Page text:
This is an appeal by respondents from a decree in equity overruling their demurrer to a bill as amended and to its different aspects.
The two aspects of the bill are: (1) an inpersonam statutory proceeding to quiet the title to certain described real estate.—Section 1110, Title 7, Code; and (2) to reform a deed in complainant's chain of title so that instead of being one to convey an easement over a strip of land ten feet by one hundred and forty feet, it be so reformed as to convey the fee in said strip. Section 133, Title 47, Code.
We need not analyze the law with respect to the first contention because the decree is only with reference to the bill as amended which does not refer to a mortgage given by complainant to the United Insurance Company. As originally filed the bill did refer to such a mortgage, but the amended bill is alleged to be substituted in place of the original. When so, the only consideration on demurrer is of the substituted bill. Appellant refers to Woodall v. Southern Mfg. Co., 223 Ala. 262, 135 So. 446. In that case the amendments consisted of additions to the original bill, not by rewriting it and as rewritten making it the bill on which relief is sought. When there is a substituted bill it constitutes all that is before the court by way of the bill of complaint, and matters referred to only in the original bill should not be further considered. Middlebrooks v. Moore-Handley Hdw. Co., 209 Ala. 526, 96 So. 410; McGowin v. McGowin, 232 Ala. 601, 169 So. 232; Moates v. City of Andalusia, 254 Ala. 629, 49 So.2d 294.
The other insistence is that laches bars complainant from having the title quieted and also having a reformation of the deed as prayed for.
Laches is not manifest in a mere statutory bill to quiet the title when the bill in that respect contains only the statutory requirements. Section 1110, Title 7, Code; Behan v. Friedman, 218 Ala. 513 (8), 119 So. 20; Gilmore v. Sexton, 254 Ala. 560, 49 So.2d 157. The bill in the instant case contains those requirements.
But the demurrer is also addressed to that aspect of the bill which seeks a reformation. If a bill of complaint shows prima facie that laches has application to the right claimed, it is subject to demurrer for not containing sufficient allegations to relieve it of that defect.
The deed sought to be reformed was executed by one of the respondents and the ancestor of the other to Roy S. Garrett on April 5, 1935, and contains the following description:
The mistake sought to be corrected is with reference to the second paragraph of the above description, and consists in the fact that the deed conveyed only a right to use the alley, when it is alleged that, to that extent, the deed did not recite their mutual intent to convey the fee. The substituted bill of complaint alleges that by deed dated August 16, 1935, Roy S. Garrett conveyed said strip of land (including the fee) to Leonel Weil; that on May 28, 1952 Weil conveyed it (including the fee) to complainant, and further that respondent Laura L. Wyatt-Brown has refused on demand to convey the fee to complainant; but that respondent Frances Meriwether Lyle executed said deed conveying the fee. Both respondents have joined in the demurrer.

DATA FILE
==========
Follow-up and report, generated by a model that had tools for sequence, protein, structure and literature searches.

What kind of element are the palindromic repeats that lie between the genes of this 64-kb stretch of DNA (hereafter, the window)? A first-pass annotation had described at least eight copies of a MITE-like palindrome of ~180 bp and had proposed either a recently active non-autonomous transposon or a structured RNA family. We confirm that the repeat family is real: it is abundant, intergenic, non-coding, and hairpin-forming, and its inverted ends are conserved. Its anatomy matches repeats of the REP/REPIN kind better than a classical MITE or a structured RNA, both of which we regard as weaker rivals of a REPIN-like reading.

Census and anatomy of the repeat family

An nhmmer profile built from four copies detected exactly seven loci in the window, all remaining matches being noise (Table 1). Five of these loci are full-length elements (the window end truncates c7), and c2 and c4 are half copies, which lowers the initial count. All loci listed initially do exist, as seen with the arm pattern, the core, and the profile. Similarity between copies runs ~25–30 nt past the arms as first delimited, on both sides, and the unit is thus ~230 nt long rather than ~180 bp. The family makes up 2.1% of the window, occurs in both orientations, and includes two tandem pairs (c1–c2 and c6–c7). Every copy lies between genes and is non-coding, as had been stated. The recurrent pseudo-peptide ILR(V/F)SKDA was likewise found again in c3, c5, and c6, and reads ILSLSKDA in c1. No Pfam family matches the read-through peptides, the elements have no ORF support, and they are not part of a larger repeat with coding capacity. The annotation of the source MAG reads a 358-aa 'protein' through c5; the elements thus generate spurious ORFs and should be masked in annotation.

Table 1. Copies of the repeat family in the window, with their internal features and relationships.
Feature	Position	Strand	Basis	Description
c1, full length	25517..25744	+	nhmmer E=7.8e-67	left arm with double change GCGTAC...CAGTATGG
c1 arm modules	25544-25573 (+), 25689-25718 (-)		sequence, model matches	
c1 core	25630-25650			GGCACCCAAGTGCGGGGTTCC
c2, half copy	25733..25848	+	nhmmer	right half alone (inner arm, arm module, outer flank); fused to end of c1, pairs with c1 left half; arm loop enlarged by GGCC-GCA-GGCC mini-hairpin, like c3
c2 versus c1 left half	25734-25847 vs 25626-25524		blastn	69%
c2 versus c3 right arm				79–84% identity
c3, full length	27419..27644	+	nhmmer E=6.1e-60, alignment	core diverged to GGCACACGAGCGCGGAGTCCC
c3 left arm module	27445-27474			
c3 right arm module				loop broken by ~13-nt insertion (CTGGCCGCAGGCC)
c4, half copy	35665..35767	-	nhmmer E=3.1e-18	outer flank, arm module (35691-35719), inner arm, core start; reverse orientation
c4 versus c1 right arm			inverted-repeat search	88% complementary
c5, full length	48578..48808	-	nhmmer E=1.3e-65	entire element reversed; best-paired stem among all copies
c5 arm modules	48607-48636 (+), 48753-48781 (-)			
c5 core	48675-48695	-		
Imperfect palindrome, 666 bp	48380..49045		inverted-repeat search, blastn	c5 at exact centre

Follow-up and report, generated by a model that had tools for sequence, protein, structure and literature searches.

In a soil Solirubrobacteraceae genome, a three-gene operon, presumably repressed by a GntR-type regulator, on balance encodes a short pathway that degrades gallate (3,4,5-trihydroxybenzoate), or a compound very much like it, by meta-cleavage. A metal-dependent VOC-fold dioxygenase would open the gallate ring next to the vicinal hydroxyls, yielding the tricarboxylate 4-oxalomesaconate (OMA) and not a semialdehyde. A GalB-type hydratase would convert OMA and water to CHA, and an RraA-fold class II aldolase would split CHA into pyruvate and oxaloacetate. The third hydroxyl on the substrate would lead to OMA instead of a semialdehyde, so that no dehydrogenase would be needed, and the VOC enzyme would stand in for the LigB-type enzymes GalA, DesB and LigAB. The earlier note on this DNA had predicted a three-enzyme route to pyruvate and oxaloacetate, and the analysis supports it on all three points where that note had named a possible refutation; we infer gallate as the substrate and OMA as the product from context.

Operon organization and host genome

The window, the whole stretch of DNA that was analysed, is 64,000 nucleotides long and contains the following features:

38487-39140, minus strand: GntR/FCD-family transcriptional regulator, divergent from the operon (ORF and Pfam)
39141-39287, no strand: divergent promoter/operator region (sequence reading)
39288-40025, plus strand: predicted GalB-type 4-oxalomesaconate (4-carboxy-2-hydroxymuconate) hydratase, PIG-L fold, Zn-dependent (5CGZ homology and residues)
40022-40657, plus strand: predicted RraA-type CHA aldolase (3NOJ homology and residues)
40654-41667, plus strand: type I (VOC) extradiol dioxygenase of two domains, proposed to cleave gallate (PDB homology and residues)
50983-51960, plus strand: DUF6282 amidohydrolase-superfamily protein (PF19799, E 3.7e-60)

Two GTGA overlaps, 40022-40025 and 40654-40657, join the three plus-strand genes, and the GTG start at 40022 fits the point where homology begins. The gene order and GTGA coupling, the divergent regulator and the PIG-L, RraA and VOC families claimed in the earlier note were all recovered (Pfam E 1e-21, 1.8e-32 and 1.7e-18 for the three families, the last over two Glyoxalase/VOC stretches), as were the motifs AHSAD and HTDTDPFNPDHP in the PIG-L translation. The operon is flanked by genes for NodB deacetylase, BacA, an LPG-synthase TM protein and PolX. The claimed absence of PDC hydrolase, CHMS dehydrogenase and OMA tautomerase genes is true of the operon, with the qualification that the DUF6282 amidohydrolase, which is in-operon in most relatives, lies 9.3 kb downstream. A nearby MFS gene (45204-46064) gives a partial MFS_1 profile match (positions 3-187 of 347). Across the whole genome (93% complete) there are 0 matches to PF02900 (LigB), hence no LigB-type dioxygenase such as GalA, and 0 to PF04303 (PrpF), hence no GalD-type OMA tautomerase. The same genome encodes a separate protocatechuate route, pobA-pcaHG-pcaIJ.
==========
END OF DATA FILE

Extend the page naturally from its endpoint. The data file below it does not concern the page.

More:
The decree refers to the demurrer of both respondents. They jointly appeal and jointly assign errors. If those allegations are true, as they must be taken on demurrer, the respondent Frances Meriwether
We note that the bill makes no allegation as to the use and occupancy of the strip of land after the execution of the deed to Garrett, which is sought to be corrected. Garrett undertook to deed the fee to Weil who in turn deeded the same to complainant. The bill does not show when these appellants or either of them first asserted a right to the fee after the deed was made to Garrett, or that complainant, Garrett, or Weil, discovered the error in the deed for an appreciable time before filing the bill, or just when it was discovered. Complainant could not be guilty of laches on his own account, for he only acquired a claim to it on May 28, 1952. If Garrett or Weil were guilty of laches or if their delay tacked on to complainant's delay constituted laches, complainant would be under its influence by virtue of section 133, Title 47, supra. Laches cannot be raised by demurrer unless it so affirmatively appears from the allegations of the bill. Mullen v. First National Bank, 226 Ala. 305, 146 So. 802; Woods v. Sanders, 247 Ala. 492, 494, 25 So.2d 141; Ammons v. Ammons, 253 Ala. 82, 42 So.2d 776; Ellis v. Stickney, 253 Ala. 86, 42 So.2d 779. Laches is dependent upon a failure to act after the assertion of an adverse right, Zeigler v. Zeigler, 180 Ala. 246(3), 60 So. 810,—and the remedy need not be pursued until such opposing claim is asserted unless the respondent is in sole possession. Branford v. Shirley, 238 Ala. 632, 193 So. 165.
It is said in Blewett v. Stallworth, 248 Ala. 242, 27 So.2d 206, 208:
The bill does not show that respondents have been in possession of the area of land in question at any time since the execution of the deed to Garrett, or have asserted a claim which was adverse to complainant's right to reformation that continued until their rights were prejudiced by the delay. McKleroy v. Dishman, 225 Ala. 131, 142 So. 41(22).
The demurrer was properly overruled, and the decree should be affirmed.
The foregoing opinion was prepared by FOSTER, Supernumerary Justice of this Court, while serving on it at the request of the Chief Justice under authority of Title 13, section 32, Code, and was adopted by the Court as its opinion.
LAWSON, SIMPSON, STAKELY, GOODWYN and MERRILL, JJ., concur.